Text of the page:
“We will remember the first responders who ran toward the danger while everyone was running to safety.”
“We will remember the construction workers who spent months at the site in hazardous conditions doing work that most of us will never begin to understand.”
“We will remember the survivors whose experiences we cannot begin to comprehend.”
“We will remember all the lives lost in the most horrific attack on American soil — not just Americans, but also citizens from 78 other countries.”
“We will keep them and their families in our hearts.”
“We will remember that the entire world was affected by this.”
“We will remember the pride in our own country.”
“We will remember the world stopped that day.”
Justin Richard spoke those words during Kennesaw Mountain High School’s 9/11 Remembrance Ceremony last month. The senior and his fellow JROTC cadets helped their teachers, parents and classmates pause to reflect on that fateful day in September.
“This event is a humbling and respectful ceremony that allows those who lived that day to remember,” Principal Nathan Stark said. “It also helps our students, who were not even born when these events occurred, to show respect for all those who lost their lives on 9/11, for our first responders and for those who have served to protect and defend our country.”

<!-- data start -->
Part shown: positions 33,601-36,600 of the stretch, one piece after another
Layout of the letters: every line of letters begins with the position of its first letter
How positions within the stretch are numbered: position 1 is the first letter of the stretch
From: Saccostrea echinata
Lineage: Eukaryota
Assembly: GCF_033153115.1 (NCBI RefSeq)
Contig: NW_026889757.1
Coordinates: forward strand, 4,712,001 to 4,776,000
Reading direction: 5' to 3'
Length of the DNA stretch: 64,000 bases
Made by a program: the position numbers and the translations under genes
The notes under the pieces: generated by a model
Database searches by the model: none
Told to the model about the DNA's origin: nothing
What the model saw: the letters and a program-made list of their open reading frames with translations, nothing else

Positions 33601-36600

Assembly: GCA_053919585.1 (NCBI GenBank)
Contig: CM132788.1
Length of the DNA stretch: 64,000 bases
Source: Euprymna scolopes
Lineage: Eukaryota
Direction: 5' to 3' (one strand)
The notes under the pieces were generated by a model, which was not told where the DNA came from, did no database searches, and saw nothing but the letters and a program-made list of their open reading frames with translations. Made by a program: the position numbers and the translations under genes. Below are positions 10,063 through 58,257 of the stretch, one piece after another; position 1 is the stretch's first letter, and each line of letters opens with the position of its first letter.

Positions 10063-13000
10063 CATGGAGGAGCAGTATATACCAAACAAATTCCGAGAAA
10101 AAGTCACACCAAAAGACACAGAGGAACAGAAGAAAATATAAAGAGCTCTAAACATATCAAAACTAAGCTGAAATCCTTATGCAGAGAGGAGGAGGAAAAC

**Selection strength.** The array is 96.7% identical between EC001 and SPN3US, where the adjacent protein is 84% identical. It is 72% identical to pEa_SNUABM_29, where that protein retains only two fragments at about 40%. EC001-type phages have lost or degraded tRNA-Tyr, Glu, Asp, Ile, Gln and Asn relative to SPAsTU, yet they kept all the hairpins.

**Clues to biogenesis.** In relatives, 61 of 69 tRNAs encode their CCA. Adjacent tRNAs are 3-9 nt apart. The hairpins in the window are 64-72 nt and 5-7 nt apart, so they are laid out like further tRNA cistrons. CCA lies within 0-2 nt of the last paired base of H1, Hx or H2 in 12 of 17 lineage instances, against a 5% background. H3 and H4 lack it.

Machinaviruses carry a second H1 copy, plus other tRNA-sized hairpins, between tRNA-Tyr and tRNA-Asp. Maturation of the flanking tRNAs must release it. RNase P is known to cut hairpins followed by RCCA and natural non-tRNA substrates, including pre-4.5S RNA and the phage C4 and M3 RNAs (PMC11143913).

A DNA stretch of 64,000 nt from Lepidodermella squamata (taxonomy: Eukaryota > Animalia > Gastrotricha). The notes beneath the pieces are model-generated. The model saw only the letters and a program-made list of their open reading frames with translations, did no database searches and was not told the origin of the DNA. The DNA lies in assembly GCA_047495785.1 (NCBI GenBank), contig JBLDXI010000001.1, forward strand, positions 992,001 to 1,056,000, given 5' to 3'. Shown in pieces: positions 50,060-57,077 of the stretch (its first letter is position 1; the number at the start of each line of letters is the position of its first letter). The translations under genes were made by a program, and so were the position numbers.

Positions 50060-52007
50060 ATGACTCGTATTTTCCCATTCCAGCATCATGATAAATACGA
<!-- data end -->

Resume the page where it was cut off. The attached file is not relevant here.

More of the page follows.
Freshman JROTC cadet David-Nelson Tokognon thinks Americans should always remember the tragedy that occurred on Sept. 11, 2001.
“This 9/11 ceremony is about remembering the actions of people who risked their lives to save and to protect everyone in that building on that horrible day,” he said.
David-Nelson joined the Kennesaw Mountain JROTC program because he was looking for a purpose. Sophia Rosa’s father served in the U.S. Army; she joined JROTC to follow her sister’s lead and to find out what it’s like to be in the military.
David-Nelson and Sophia might have had different reasons for joining JROTC, but they agreed about the importance of the 9/11 Remembrance Ceremony.
“The 9/11 ceremony was (about) honoring the heroes that saved lives that day and to remember the countless innocent people who died that day,” Sophia said.
With fire trucks as a backdrop, cadets raised the American flag, as the crowd stood silent and paused to remember how that day 22 years ago impacted and continues to impact so many.